- The Washington Times - Tuesday, December 3, 2019

The FBI considers FaceApp, a popular smartphone application for manipulating photos, a “potential counterintelligence threat” due to its Russian origins, a letter showed Monday.

Senate Minority Leader Charles E. Schumer, New York Democrat, released a letter he received after raising concerns about FaceApp with both the FBI and Federal Trade Commission.

“The FBI considers any mobile application or similar product developed in Russia, such as FaceApp, to be a potential counterintelligence threat, based on the data the product collects, its privacy and terms of use policies, and the legal mechanisms available to the Government of Russia that permits access to data within Russia’s borders,” wrote Jill C. Tyson, assistant director for the bureau’s Office of Congressional Affairs.


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Russia’s intelligence services maintain “robust cyber exploitation capabilities,” including the ability to “remotely access all communications and servers on Russian networks,” Ms. Tyson added.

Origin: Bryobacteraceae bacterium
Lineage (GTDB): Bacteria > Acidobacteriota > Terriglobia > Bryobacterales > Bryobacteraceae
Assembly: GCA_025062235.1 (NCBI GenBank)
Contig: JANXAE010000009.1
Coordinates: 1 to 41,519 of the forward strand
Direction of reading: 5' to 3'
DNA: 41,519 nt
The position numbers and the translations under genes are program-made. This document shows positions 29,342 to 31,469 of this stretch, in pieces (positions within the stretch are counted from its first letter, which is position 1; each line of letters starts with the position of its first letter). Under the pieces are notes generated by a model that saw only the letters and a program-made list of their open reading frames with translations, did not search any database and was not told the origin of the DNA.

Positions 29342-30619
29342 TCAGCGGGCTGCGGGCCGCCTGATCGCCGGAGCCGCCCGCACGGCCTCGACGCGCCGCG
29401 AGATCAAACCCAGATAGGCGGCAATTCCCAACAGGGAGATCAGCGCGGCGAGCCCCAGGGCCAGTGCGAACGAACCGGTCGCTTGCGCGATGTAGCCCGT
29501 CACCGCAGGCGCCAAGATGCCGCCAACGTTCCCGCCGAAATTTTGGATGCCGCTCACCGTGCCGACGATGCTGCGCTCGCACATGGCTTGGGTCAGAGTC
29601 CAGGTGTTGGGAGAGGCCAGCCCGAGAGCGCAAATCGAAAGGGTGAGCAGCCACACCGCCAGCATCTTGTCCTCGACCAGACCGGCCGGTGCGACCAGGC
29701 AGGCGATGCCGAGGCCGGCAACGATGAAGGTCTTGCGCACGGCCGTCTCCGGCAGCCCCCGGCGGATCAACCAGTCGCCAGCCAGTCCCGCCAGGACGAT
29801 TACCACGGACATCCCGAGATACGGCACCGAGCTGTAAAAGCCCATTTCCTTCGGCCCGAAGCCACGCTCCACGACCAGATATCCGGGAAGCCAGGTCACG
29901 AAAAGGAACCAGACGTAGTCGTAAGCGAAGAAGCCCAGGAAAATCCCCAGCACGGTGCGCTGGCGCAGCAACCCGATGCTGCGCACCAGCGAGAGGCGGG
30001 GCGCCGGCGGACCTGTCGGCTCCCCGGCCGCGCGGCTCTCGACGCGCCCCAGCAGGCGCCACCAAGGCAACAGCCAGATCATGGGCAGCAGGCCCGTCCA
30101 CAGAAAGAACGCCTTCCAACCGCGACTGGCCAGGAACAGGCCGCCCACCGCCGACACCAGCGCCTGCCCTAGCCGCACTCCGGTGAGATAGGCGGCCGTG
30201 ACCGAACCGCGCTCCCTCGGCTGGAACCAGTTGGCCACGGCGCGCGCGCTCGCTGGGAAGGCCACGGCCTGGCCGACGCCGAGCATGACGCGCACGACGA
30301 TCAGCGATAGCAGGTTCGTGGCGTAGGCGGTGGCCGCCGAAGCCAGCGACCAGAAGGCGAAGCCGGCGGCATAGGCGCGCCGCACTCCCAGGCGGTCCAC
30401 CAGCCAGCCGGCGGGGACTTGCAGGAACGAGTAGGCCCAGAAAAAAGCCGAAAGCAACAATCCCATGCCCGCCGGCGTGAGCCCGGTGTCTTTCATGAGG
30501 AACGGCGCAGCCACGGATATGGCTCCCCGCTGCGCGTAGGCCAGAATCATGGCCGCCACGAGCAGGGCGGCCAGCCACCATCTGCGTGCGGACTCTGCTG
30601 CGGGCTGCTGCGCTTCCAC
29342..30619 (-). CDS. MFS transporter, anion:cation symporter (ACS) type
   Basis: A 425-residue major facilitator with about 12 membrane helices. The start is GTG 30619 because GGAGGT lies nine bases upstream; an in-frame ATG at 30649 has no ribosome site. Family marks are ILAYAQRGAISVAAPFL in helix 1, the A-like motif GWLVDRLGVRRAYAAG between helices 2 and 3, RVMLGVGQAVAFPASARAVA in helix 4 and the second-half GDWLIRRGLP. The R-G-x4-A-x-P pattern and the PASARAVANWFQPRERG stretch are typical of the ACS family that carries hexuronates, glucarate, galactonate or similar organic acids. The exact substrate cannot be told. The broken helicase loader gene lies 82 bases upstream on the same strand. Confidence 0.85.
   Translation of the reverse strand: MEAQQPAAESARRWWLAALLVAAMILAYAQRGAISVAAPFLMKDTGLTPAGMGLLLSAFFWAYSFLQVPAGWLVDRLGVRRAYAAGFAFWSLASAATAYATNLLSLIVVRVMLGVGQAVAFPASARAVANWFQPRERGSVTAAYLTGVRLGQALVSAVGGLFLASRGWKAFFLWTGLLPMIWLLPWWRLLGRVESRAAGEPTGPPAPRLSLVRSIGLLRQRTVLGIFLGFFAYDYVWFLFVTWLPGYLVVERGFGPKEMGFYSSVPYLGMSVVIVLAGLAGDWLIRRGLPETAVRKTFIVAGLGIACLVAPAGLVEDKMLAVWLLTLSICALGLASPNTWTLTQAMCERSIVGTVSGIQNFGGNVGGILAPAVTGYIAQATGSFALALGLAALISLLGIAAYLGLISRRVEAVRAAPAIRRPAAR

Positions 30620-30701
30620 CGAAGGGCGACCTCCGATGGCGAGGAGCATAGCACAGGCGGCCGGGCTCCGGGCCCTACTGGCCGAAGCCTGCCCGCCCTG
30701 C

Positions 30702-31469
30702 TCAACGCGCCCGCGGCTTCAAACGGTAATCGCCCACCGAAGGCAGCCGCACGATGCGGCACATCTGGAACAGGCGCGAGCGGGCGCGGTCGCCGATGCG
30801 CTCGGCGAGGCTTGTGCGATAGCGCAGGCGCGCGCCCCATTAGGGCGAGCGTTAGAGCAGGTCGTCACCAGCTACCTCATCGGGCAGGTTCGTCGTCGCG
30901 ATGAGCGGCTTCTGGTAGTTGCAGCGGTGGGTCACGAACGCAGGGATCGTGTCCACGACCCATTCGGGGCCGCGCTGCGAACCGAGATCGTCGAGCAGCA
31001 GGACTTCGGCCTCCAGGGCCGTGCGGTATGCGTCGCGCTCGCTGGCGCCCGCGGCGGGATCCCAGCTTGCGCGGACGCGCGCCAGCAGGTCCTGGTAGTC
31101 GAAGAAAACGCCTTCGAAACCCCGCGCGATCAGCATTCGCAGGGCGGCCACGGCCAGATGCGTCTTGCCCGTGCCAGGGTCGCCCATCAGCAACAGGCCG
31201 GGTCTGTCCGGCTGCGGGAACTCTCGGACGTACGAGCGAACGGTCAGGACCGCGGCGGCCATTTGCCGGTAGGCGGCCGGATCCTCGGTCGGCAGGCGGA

Developed by Wireless Lab, a company based in St. Petersburg, FaceApp was launched in 2017. Several celebrities shared photographs on social media this summer that had been manipulated using the app to alter their appearances, sparking a surge in popularity and scrutiny alike that saw Mr. Schumer raising concerns with both the FBI and FTC in July.



Reached for comment, FaceApp CEO Yaroslav Goncharov directed The Washington Times to an updated privacy policy put in place this week.

“We do not use the photographs you provide when you use the App for any reason other than to provide you with the portrait editing functionality of the App,” the policy says in part.

Mr. Goncharov previously addressed concerns surrounding the app during a recent forum in Moscow.

“It was a PR problem,” he said in October. “There was no actual privacy problem, and all allegations were debunked by security researchers.

Mr. Schumer seemed unconvinced, however.

“The personal data FaceApp collects from a user’s device could end up in the hands of Russian intelligence services,” Mr. Schumer told The New York Post. “It is simply not worth the risk.”

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